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Geosynthetic clay liners offer many advantages

 

updatatime:[2017-5-31 16:52:13]    source:TAIAN CITY HAIFENG EARTHWORK MATERIAL CO.,LTD

 
 

Environmental Science & Engineering - January 2002

Geosynthetic clay liners offer many advantages for containment applications

By Bruno Herlin, P.Eng., Terrafix Geosynthetics Inc.

Geosynthetic clay liner being installed for a secondary containment. Photo - Don Stewart (formerly of Terrafix)

Geosynthetic clay liners (GCLs) are an established sealing product in the geoenvironmental industry. They are used in landfill caps and base liner applications under roads, railways, secondary containment for above ground tank farms, as well as within various other containment structures such as dams, canals, ponds, rivers and lakes. They are also used for waterproofing of buildings and other similar structures.

Rolled out like a carpet to provide a durable impermeable liner, geosynthetic clay liners consist of a layer of high swelling sodium bentonite, sandwiched between two geotextiles. Manufactured around the world by different techniques, the Canadian manufactured GCL, Bentofix, is mechanically bonded by needlepunching from one nonwoven geotextile through the bentonite to the other nonwoven or woven geotextile. Because of their low hydraulic conductivity, GCLs are used mainly as a replacement for thick, difficult to build, compacted clay liners to provide a barrier to liquids and gases.

Bentonite, named after an American geologist who discovered this type of clay in about 1890 in Fort Benton, Wyoming, is a clay mineral with expansive characteristics and low permeability, where montmorillonite is the chief mineral. Montmorillonite, named after a deposit located in southern France, swells when contacted with water approximately 900% by volume or 700% by weight. When hydrated under confinement, the bentonite swells to form a low permeability clay layer with the equivalent hydraulic protection of several feet of compacted clay.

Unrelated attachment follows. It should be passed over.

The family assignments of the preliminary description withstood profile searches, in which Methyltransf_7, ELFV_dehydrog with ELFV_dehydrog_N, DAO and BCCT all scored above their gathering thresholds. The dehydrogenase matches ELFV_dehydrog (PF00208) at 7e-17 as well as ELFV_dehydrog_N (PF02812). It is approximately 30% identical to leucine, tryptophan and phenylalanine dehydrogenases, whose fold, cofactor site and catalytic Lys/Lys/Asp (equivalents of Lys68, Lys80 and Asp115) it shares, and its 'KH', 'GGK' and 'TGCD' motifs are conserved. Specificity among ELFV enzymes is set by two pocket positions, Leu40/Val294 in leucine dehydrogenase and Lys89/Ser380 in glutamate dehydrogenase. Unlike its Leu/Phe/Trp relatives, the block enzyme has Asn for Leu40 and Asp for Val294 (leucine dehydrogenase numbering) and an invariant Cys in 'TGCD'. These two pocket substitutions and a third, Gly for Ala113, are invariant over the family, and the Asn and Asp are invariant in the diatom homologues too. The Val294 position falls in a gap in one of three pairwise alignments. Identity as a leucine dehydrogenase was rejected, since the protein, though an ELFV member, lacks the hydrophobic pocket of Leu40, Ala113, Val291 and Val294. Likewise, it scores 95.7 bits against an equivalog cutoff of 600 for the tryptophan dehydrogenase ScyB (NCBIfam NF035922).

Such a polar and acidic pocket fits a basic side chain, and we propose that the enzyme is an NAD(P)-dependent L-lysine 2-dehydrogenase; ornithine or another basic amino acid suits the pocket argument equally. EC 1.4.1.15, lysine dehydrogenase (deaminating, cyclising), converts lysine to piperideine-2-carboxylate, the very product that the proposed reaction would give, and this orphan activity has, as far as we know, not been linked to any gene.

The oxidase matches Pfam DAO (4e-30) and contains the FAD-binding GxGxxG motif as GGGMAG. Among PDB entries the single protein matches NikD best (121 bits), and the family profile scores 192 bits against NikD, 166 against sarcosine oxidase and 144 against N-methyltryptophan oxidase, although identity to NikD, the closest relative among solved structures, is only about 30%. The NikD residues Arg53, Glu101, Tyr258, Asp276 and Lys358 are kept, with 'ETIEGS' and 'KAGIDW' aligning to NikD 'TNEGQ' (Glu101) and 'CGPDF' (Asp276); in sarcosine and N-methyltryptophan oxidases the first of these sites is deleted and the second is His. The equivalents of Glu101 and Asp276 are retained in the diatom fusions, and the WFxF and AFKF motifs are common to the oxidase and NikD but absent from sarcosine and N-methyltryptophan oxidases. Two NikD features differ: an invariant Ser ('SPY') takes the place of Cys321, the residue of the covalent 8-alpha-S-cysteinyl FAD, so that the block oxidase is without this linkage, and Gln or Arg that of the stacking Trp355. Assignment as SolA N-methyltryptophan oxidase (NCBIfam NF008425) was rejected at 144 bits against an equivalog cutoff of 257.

Cover soil installation over a geosynthetic clay liner for a paper mill's effluent lagoon (Red Rock, ON). Photo - Kent von Maubeuge, Naue Fasertechnik

While exact installation procedures and recommendations may vary from manufacturer to manufacturer, in general, installation consists of rolling out GCL panels on a prepared subgrade, with adjacent panels overlapped a minimum 300 mm. To maintain the integrity of the sealing system, a bead of granular bentonite is applied to the overlap of the adjacent panels. Subsequent to overlap treatment, a minimum 300 mm cover soil (or geomembrane in some cases) is placed. The covering material is always placed in the same shift (same day) as the GCL is deployed to minimize the chance of unconfined hydration, and possible damage to the GCL.

A relatively new engineering material for some, geosynthetic clay liners have been used extensively over the past two decades, and are finding increasing use in every sector of the waste management industry, including lagoon-lining systems. The technical properties of these materials are well documented and their integrity as a sealing barrier has been demonstrated in field applications. Furthermore, because these materials are factory produced, their properties are predictable, enabling the engineer to design with a high confidence level.

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